So I've begun. Just giving/selling/trading it all away. My cupboard is startlingly bare now. And what's left isn't much of a fragrance wardrobe. I'm keeping the slew of Shalimars: old, new, Eau de, Light, cologne, parfum, etc etc. And the tiny vials of vintage Fracas parfum and Bandit parfum, which were hardwon and seem precious now. And the bottle of Sacrebleu, which gives me almost hallucinatory associations of my grandmother's house in the 80s. For some reason I can't pinpoint. And the Nombril Immense, which sometimes gets caught on my sweaters days later and adds so much more charm to whatever else I'm wearing. And then the Jubilation 25, which smells like girl-sex and a light powdering of cinnamon, mmmmm. I only have a 16 ml decant, but someday I'll own a whole bottle. /dreams

It's not a very well-rounded collection now, but it's well-loved. And wearable. I might become one of those signature scent types, but with like, 15 signature scents. Which probably still seems crazy to scent-outsiders, but is, let's face it, pretty chill by our standards.

Segue: Sometimes I like to look at the Rochas Man bottle and laugh. What were they thinking?

Wednesday, April 14, 2010


I very rarely get a chance to go to my local Nordstrom's perfume counter because I'm usually wrangling a 15-month-old and 7-year-old full time. When I do get a chance, it's with baby in tow or for a few, breathless seconds to myself. I don't often go to buy right away, but to try new releases, smell old favorites, plan my next purchase. I very seldom ask for anything in return. I don't request samples from the SAs, ever. I just like to smell perfume! It's pretty casual.

But the SAs are like sharks there, and that has really turned me off of the whole fragrance counter experience. It's completely awkward and uncomfortable for me to see them power-playing each other for my attention. And when they get it, it's not usually to drop any real knowledge on me about scent, so I end up having to politely wave off whatever they're trying to sell me. (Today was my favorite: "Oh, you like Shalimar? You'd LOVE She-Wood then!" ???)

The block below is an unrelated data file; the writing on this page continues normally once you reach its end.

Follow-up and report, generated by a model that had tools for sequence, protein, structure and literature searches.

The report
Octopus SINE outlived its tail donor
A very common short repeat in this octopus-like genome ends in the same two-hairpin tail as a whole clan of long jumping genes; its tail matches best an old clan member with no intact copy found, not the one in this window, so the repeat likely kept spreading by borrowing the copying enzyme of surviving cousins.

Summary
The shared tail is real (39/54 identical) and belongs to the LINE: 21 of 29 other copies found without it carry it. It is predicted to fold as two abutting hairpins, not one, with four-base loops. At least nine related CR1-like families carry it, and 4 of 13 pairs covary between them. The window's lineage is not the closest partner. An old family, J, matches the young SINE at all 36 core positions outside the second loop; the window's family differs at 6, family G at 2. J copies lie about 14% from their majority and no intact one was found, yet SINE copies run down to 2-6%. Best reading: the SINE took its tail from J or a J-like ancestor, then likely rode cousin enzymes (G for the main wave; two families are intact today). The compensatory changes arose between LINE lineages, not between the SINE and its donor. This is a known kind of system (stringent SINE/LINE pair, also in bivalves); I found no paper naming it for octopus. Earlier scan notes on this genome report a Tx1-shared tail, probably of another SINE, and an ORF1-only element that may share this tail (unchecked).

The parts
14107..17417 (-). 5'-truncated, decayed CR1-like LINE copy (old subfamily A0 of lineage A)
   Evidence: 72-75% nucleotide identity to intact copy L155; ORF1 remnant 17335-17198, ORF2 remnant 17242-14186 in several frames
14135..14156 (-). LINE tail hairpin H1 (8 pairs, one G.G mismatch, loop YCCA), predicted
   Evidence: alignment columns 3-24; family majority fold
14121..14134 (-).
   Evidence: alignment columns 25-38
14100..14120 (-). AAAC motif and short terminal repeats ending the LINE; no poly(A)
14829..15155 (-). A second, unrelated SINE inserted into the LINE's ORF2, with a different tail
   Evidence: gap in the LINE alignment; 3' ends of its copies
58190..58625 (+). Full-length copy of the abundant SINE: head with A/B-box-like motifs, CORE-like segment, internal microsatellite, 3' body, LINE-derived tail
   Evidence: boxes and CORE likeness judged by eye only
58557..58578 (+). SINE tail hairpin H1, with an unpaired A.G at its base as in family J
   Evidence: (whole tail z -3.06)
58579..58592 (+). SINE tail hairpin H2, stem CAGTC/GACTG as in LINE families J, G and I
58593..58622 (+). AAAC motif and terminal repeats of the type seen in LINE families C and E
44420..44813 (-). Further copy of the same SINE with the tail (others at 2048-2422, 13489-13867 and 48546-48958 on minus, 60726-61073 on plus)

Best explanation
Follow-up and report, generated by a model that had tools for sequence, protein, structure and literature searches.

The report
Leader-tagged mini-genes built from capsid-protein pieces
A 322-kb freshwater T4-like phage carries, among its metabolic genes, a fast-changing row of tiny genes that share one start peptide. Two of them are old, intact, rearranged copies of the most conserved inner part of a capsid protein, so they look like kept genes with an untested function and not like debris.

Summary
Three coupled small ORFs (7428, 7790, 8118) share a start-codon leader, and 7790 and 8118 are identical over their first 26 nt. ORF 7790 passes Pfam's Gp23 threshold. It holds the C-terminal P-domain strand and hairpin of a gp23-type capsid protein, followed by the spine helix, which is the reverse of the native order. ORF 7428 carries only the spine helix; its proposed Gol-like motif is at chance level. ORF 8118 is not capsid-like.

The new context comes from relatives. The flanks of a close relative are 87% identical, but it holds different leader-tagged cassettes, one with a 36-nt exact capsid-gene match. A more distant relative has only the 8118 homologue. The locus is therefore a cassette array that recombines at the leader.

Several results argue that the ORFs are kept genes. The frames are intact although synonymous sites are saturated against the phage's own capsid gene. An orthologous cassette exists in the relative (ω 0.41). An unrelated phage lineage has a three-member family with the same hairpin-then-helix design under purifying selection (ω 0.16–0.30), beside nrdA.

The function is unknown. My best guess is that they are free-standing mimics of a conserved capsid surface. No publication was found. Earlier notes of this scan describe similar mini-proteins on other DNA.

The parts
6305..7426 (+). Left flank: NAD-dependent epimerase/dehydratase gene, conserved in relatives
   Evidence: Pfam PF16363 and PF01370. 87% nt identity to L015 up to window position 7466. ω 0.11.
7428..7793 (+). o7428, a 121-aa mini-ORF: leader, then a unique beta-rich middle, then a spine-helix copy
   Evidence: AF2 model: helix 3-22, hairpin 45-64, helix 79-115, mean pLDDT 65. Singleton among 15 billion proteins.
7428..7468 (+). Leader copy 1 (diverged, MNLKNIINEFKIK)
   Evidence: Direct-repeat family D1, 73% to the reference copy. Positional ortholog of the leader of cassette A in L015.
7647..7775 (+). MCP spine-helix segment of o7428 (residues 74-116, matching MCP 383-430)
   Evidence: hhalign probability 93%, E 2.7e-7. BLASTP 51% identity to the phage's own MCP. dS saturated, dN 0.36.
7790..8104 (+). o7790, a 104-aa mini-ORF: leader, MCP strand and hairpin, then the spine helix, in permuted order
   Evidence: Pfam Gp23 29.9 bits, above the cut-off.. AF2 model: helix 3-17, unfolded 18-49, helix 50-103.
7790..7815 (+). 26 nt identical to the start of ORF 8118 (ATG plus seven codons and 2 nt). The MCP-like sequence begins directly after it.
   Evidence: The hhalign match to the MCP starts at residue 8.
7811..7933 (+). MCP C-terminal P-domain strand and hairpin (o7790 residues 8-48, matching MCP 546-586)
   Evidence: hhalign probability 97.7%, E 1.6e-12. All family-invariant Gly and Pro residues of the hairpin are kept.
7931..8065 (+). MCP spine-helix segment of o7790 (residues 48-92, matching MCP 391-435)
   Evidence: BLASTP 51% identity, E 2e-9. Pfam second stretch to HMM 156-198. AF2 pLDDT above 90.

Anyway, one of the ladies gave me her card a long time ago and I've just happened to purchase things while she was manning the counter. Now, she seems to assume we have some kind of partnership or relationship. And whenever she 'catches' me talking to other SA's in the odd half-hour I get to swing by, she seems frustrated with my disloyalty and gives me this passive-aggressive talking to, about how she was there yesterday, why didn't I come in when she didn't have a meeting? or Jeez, I've been wondering what happened to you. You don't come in here anymore! Or maybe you just come in when I'm not around.

It's completely irritating to me because this is my free time! To do something totally frivolous and fun, when I don't have to be on anyone's schedule. And it's something I can only work in here or there. It's such a cliche, but being a mom is a 24/7 job. I don't get like, a regular break where I can schedule time with this SA. I get stolen hours. I get frantic, last minute rush-throughs. I spend all day considering the every need of two people, I do not feel like being responsible to the woman who sells me perfume. Maybe that's selfish! But that's just it, that's my selfish time. And when someone is trying to mess with it, I get really frustrated and defensive.


This whole rant is totally a oppressed mother rant, isn't it? SIGH. Lame.

Friday, April 9, 2010

White Privilege and Perfume